Selected from among 400 nominees
Marlene is one of 30 women recognized by Albuquerque Business First, formerly called the New Mexico Business Weekly, a newspaper and companion digital edition that focus on business and economic issues. According to the publication’s website, the 30 honorees were selected by a panel of judges from among more than 400 nominees. The award recognizes New Mexico’s most dynamic women of diverse professional backgrounds who stand out as role models for their peers and are leaving a lasting and positive mark on the state.
In her 15-plus years at Sandia, Marlene has worked in the Labs’ satellite programs and nuclear weapons programs as well as in photovoltaics.
Currently a component evaluation surveillance engineer in Integrated Stockpile Evaluation Group 2950, she has also worked as a quality engineer for subsystems and components in the W76 and B61 programs, project lead for workforce development for DOE, and Tiger Team lead for the Solar America Cities Project.
She provided on-orbit analysis for NNSA Nuclear Detonation System satellite payloads and has served as a subject matter expert for renewable energy for Sandia’s Facilities organization.
Marlene holds a BA in environmental and natural sciences from The Evergreen State College, Olympia Washington, and master’s degrees in electrical engineering and systems engineering. She holds professional certificates in a diverse range of disciplines, from electrical trades and energy-efficient building technology, to systems engineering and architecting.
When she’s not on the job, Marlene’s work doesn’t stop. She volunteers her time as a consultant for the Boko Bed Net Project. The project seeks to reduce malaria in Ghana through use of simple technologies. By building a bed net with a light and a fan powered by PV panels, people are encouraged to use bed nets, which lead to a reduction in malaria.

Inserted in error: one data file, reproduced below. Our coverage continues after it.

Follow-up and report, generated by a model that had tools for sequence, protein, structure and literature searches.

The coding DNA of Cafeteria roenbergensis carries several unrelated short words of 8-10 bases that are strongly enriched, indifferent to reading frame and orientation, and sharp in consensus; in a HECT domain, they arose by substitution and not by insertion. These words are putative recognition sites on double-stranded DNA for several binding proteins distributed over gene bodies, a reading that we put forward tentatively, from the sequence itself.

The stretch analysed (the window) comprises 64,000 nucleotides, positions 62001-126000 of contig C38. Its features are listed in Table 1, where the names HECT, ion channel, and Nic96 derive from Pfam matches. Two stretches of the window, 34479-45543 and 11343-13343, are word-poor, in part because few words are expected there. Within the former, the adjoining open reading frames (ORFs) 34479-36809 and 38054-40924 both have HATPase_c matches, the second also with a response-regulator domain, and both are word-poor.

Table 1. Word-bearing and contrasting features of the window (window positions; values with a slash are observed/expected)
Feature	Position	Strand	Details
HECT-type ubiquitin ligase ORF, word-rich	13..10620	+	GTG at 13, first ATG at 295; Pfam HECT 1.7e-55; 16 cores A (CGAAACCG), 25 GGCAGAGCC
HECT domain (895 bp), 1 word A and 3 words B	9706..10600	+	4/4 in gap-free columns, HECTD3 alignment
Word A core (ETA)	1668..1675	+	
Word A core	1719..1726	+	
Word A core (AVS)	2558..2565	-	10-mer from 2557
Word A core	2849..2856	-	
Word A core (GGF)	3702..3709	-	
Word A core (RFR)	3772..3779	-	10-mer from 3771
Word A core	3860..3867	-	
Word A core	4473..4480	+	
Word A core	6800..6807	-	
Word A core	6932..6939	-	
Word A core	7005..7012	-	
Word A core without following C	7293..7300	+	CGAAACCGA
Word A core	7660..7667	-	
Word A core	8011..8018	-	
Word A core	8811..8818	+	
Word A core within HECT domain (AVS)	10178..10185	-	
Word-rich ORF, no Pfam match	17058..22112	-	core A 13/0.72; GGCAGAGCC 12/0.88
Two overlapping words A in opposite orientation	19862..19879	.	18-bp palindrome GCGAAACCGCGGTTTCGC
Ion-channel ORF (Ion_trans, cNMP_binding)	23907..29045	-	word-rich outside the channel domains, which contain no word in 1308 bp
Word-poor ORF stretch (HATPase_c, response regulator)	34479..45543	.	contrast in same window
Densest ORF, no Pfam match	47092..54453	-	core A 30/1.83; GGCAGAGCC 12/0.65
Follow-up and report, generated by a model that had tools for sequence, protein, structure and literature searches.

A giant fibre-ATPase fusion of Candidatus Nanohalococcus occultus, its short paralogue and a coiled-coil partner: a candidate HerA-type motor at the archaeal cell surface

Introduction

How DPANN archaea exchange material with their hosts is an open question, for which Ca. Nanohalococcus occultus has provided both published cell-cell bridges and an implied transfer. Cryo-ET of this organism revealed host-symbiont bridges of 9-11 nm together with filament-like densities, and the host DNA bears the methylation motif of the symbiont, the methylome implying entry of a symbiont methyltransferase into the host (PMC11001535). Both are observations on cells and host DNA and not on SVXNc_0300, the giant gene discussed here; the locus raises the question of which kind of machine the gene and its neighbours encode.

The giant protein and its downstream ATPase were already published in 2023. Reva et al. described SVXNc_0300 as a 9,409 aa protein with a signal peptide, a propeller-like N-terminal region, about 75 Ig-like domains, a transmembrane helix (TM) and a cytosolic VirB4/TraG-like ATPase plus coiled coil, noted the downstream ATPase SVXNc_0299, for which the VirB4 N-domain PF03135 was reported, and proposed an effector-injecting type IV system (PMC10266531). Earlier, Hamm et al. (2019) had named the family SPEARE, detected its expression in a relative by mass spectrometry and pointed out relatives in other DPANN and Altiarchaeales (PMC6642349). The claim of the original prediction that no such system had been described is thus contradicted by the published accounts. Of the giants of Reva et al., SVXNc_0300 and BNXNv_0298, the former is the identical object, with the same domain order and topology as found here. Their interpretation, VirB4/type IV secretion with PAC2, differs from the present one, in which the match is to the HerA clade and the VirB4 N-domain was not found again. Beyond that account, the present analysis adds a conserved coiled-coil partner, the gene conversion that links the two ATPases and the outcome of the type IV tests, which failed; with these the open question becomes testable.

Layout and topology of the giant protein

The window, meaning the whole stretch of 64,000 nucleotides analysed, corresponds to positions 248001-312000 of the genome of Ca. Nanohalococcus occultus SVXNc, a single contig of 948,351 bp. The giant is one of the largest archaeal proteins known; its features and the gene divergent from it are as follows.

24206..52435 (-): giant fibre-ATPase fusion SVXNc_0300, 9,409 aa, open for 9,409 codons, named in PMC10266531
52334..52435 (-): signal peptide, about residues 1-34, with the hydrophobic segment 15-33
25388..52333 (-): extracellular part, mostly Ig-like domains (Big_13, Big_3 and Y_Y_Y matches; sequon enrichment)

Marlene learned to build the PV panels and is helping teach local people to build them themselves. She also found an Albuquerque company to provide LEDs to the project.
The do-it-yourself panels Marlene introduced to the project are increasing efficiency, reducing the cost, and creating local jobs.
In a testimonial written in support of her Women of Influence nomination, a longtime colleague from the private sector said, “Marlene is an incredible leader, and has helped bring a lot of women into the renewable energy field. I have known Marlene for almost 20 years, and taught numerous solar classes with her, and she not only really knows the technology, but can convey it in a way to make it understandable and exciting to people at all levels.
“Working with Marlene has been a pleasure, because she always gets things done and forges ahead even when things get difficult and others might give up. I know that a lot of women in the solar field really look up to Marlene as a mentor and role model.”-- Bill Murphy